In the latter, I am happy to through Huffington Post under the bus - militant conservatives assume every liberal reads and adores it, and I think it's utter rubish. Tossing them a bone, either proactively or being keen to cede it helps break the demonisation and makes common ground possible. I believe chest-thumping trolls like PZ may rally, but I am looking to convince, and I believe people of my sort, who still play to win but do so in a civilised and polite way, will build a better world than movements that win the points around which they're organised but fail to keep moving society upwards. The greater the distance between humanity and ego/power politics we can build, the more civilised we will be and the more possibilities in our future. A society that can usually respond to ignorance through relentless, polite and egoless correction by teacherlike figures is solving many problems at once.

Not entirely related, interesting headway arguing against anarchocapitalists who think they're conservatives - easy to make the point that those who think "taxation is theft" are in fact very nonconservative in that they're undermining an institution millenia old. Easy to wrap this up in a neat bundle: "civilisation has for millenia used this to support the public good (and other things) in countless areas, and then your group suddenly 'wakes up' and declares it not kosher. That's not conservativism, that's a strange idea become a societal death pact, and you're putting yourself against basically the entire political spectrum. You may as well declare that society stop breathing because you object for some reason." - a bit wordy, a bit hyperbolic, but hard to parry. It is not hard to create arguments to disrupt most rhetoric one sees of those who disrupt to taxes in principle.

National Geographic recently tossed a neat (and long) video on Easter Island societies online, in which they described changes and challenges to the culture over centuries, with a particular focus on the role the extensive cave systems played. As explorers have found human remains even in the very deep bits of those caves, I was wondering how people safely managed to get down there, and found this site describing torches makable without modern materials that would do the job. The site is generally fascinating - it's like Make magazine with an interesting added constraint. MacGyver (or Robinson Crusoe) would be proud.

Still hoping every evening that I will feel motivated to send out those letters to professors to get employment soon. Somehow I get sucked into either the realm of abstract ideas, wallowing in depression, or moods for sketching whenever I sitdown someplace that's not home (at home there's the damned video games, OMG let's play with cats, the lure of going for a nice jog or walk in the woods, or falling asleep to worry about). Self-convincitude for productivity: no es facil pero pienso que la neccesito si würde out of this rut gehen.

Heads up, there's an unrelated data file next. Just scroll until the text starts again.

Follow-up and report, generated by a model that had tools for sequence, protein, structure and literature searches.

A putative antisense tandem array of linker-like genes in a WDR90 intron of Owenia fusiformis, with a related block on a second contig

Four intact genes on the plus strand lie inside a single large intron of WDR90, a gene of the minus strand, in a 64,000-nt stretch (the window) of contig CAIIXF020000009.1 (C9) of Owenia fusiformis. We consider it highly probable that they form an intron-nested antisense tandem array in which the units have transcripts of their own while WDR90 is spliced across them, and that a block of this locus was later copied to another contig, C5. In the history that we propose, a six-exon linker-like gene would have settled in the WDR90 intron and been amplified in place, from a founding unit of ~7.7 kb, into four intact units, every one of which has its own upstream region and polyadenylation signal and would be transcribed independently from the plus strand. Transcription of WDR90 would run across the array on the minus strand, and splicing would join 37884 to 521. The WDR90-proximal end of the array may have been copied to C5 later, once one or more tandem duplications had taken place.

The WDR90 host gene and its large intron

Fascinated: interesting discussions of posture in DC's talking-about-comics blog. Still bothered about Hitchcockian stories (highly constructed) versus my instincts to portray things like real life and use that as a way to talk about people in the real world. Storytelling styles: quite different. As I've continued to develop the stories underlying one of my webcomic attempts (finally resolved the plot issue that stopped me from continuing the second one I posted, not sure if it's worth keeping tossing them up given low readership of that one too), I realised that it was really more a blog with visuals (and very first-person) than a traditional third-person comic - Elya's words are partly that of an unreliable narrator, but still she narrates the events in the comic. No other series I read does this, and I'm not sure this is a good novelty. If I were to storytell, I would do third person, but maybe my inclination in visually presenting it this way prevents narrative arcs from really working. Maybe this is because Oyschlisn was intensely personal and didn't have any other characters in it to any meaningful extent (at least in the bits I finished and put up there), or maybe it's because I'm kind of stuck in my own head in life and that makes depicting rather than living a more natural mode. I think if I were to restart on drawing Elya's story, I've developed my drawing skills further to the point where emotions come across better and the drawing would be higher quality, but maybe it'd still not be interesting to other people because of the narrative mode.. It'd be interesting to pass the broad story shapes and development of world to someone else to see what they'd do with it. Pulling the story slightly further out of Elya's head might be a good thing.

Recently the weather has been quite pleasant for very long walks.